The Scene: I’d spent the fall of 2015 in Missoula without meeting anyone of note, and I was ready to give up. Enter winter and Snowbowl’s aging two-person ski lift, which has been sneakily matchmaking the locals for years with its interminable rides and frequent breakdowns.
One day in December, I yelled, “Single!” and hopped on the lift with another single dude. We were well into acquainting ourselves on the slow ascent when the lift lurched and stopped abruptly. As we hung there for 45 minutes, waiting for our death-defying rappel rescue by the ski patrol, we talked about work, passions, and life goals.
Before we’d even been lowered to the ground, I decided I would ask him out. He beat me to it.
The Outcome: Bachelor #1 and I dated for several months. Over the course of this relationship, I became deeply familiar with the iconic commitment-phobia of lifelong ski bums. This category of man can typically be found on the ski hill or in the backcountry for as many days as there’s snow. He doesn’t work in winter, holding down summer seasonal jobs long past his twenties to fund his powder habit. While Bachelor #1 bucked many of the common stereotypes, he was unable to fit anything (or anyone) into the ski bachelor lifestyle he’d been living for so long. I ended it in favor of finding someone for whom I would be a priority (and in favor of chasing winter).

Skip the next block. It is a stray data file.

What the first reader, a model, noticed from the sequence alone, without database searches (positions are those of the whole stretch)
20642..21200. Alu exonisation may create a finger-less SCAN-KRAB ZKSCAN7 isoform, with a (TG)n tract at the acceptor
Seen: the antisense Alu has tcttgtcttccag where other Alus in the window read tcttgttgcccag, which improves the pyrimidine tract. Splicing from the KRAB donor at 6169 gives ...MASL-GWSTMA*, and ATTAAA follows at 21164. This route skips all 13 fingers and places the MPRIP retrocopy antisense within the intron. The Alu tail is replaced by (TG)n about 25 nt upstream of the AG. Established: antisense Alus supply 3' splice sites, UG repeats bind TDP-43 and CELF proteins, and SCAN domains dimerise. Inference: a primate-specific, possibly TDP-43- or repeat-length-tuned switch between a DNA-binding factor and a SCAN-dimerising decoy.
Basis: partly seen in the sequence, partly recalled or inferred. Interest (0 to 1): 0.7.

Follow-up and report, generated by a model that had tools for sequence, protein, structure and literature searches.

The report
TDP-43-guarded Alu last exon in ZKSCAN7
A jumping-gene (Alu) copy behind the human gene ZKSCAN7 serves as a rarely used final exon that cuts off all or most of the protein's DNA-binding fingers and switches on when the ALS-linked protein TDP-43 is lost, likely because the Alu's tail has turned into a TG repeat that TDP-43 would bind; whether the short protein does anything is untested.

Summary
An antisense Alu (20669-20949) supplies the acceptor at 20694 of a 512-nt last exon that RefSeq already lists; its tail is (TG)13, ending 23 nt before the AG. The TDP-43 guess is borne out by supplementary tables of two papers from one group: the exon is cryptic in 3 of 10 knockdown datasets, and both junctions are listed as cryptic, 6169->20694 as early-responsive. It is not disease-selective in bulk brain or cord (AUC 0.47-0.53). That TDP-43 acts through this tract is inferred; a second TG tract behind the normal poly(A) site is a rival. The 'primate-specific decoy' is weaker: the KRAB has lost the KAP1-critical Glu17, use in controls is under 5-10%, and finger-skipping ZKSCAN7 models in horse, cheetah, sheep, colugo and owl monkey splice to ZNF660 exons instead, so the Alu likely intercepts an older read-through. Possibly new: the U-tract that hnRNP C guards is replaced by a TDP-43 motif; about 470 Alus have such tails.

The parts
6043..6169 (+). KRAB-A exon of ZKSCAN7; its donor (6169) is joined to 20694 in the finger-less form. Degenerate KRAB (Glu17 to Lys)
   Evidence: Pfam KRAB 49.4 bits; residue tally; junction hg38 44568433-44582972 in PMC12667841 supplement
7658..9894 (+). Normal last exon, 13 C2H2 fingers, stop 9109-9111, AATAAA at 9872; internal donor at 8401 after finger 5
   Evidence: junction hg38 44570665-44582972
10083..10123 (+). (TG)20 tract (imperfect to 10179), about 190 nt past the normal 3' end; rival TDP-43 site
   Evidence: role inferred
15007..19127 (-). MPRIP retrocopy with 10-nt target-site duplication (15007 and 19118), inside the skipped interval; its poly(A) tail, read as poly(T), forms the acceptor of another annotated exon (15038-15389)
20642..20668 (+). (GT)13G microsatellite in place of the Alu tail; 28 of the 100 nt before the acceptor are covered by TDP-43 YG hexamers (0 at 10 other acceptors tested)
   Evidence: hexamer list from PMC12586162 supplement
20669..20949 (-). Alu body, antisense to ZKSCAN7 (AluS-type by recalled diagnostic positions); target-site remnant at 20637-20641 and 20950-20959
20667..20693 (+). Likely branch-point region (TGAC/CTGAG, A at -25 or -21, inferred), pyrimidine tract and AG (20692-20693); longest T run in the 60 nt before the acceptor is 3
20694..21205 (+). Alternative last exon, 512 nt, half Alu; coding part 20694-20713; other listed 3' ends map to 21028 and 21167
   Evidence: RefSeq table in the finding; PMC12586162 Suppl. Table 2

The Swiping Experiment
Wanaka, New Zealand
What It’s Known For: Mellow vibe, Treble Cone’s big lines, and badass Kiwis.
The Scene: I left Missoula in the spring of 2016 to chase winter in New Zealand and landed in the paradise that is Wanaka. In the spirit of adventure, I decided to try dating apps for the first time. I quickly encountered all the classic hazards of small-town Tindering, including repeated awkward encounters in our only grocery store with that dude I accidentally Superliked and running into all three of my most recent matches in the lift line.